Remembering and managing passwords is a necessary component of modern 21st Century living. And it’s not an easy task either. Emails, bank accounts, social media, shopping sites, news subscriptions – you name it, you’ve probably got a password for it. The average person has around 27 different logins. But do you have 27 individual passwords for those logins? Probably not. (We know we don’t!) Passwords are the locks that safeguard your personal information from prying eyes. When you exercise best practices to protect your passwords, you will minimise the potential risk of fraud and identity theft.
K.I.S.S. DOESN’T APPLY
First off, password-protect all your devices: computer, laptop, tablet, smartphone, the works. Change any default passwords and change any passwords after implementing a fix on a device. Change your password if you know, think, or have been warned it has been compromised. Create a complex password. The more lengthy and difficult the password, the harder it will be for hackers to break. Make sure the password is a minimum length of eight characters and use capitals, numbers, exclamation marks – anything you’re allowed to use to make it difficult to guess. We’d say use emojis too, if you could. (Maybe someday soon.) Oh, and one more thing: make sure you can remember the password you set! If you have too many passwords, a useful tip is to put all of them into an encrypted file using mobile encryption software. That way the only password you absolutely positively have to remember is the one to open the encrypted file. And if you forget that password, then, well, you’re locked out and out of luck.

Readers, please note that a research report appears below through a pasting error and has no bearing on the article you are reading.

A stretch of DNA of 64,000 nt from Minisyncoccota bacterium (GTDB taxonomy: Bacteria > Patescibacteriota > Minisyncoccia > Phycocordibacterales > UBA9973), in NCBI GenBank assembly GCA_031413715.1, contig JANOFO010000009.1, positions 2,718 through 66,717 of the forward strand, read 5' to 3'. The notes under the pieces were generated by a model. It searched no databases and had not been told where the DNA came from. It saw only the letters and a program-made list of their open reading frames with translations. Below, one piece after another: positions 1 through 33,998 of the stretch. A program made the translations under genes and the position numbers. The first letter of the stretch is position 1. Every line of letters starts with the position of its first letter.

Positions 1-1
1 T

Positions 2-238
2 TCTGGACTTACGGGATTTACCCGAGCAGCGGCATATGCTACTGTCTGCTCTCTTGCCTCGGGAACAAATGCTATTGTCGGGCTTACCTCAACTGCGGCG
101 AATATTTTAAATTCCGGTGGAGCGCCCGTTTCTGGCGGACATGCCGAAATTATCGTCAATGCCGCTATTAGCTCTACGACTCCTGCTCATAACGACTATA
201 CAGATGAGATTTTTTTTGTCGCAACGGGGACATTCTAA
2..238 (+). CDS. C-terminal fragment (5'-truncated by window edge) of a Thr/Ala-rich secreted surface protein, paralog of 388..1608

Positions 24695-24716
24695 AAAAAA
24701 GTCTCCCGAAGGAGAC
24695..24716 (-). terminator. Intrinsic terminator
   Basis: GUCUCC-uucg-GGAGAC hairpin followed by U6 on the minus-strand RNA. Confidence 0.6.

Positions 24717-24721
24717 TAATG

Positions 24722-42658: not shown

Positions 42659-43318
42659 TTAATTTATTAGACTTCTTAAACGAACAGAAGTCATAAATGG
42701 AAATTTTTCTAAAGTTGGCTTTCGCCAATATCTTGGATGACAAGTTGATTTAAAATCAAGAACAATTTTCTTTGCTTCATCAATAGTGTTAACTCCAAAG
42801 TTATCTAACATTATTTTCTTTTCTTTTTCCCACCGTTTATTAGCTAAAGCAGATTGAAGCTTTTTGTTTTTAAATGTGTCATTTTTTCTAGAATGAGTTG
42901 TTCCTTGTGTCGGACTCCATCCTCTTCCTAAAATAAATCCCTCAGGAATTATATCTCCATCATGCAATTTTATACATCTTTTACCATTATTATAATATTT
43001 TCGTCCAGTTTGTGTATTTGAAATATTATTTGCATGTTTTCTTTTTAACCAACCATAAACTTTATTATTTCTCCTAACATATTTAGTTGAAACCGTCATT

Here’s what not to do when choosing a password. Never use names or birth dates. Never use references to personal data, such as your PIN, passport number or driver’s licence. Never use a password that would be easy to guess. If the password is your dog’s name, try changing some of the letters for numbers (such as an age or date) and/or add a special numerical character to make it harder to guess. If a website or browser asks to keep you signed in, unclick that option and take the time to re-enter your password each time. Clear your browsing history or cache after online banking and shopping. And, needless to say (though we’ll say it anyway), don’t use 12345 or some other ridiculously easy combination.
VARIATION IS KEY
Keep different passwords for every account. Yes, this can be a pain, but it’s worth it. If you can’t do this, or can’t remember that many passwords, ensure to at least have different (and difficult to guess) passwords for your communication and banking accounts, because if you think forgetting a password is a pain, just think of what it would be like to have hackers writing your personal emails or draining your bank account of hard-earned funds. As for your local library password, you can keep that as something simple.
THREE STRIKES AND YOU’RE OUT
It happens to us all: you can’t remember the password to a certain account and you make several attempts to try and gain access. Limit the number of password attempts; three’s a good number, so limit it to that amount. Limiting the number of password attempts, much like a bank ATM machine limits the number of allowed mistakes when typing in your PIN, offers added password security and minimises the chances of a hack attack. In some cases you can also limit the number of allowed password reset requests or ask for verification through text. This is especially useful to have if your email address has already been compromised.
Let’s face it – you’re too cool to have anyone pretending to be you. So make the effort to keep your passwords as mysterious as the Bermuda Triangle or as inexplicable as Lady Gaga’s fashion sense.
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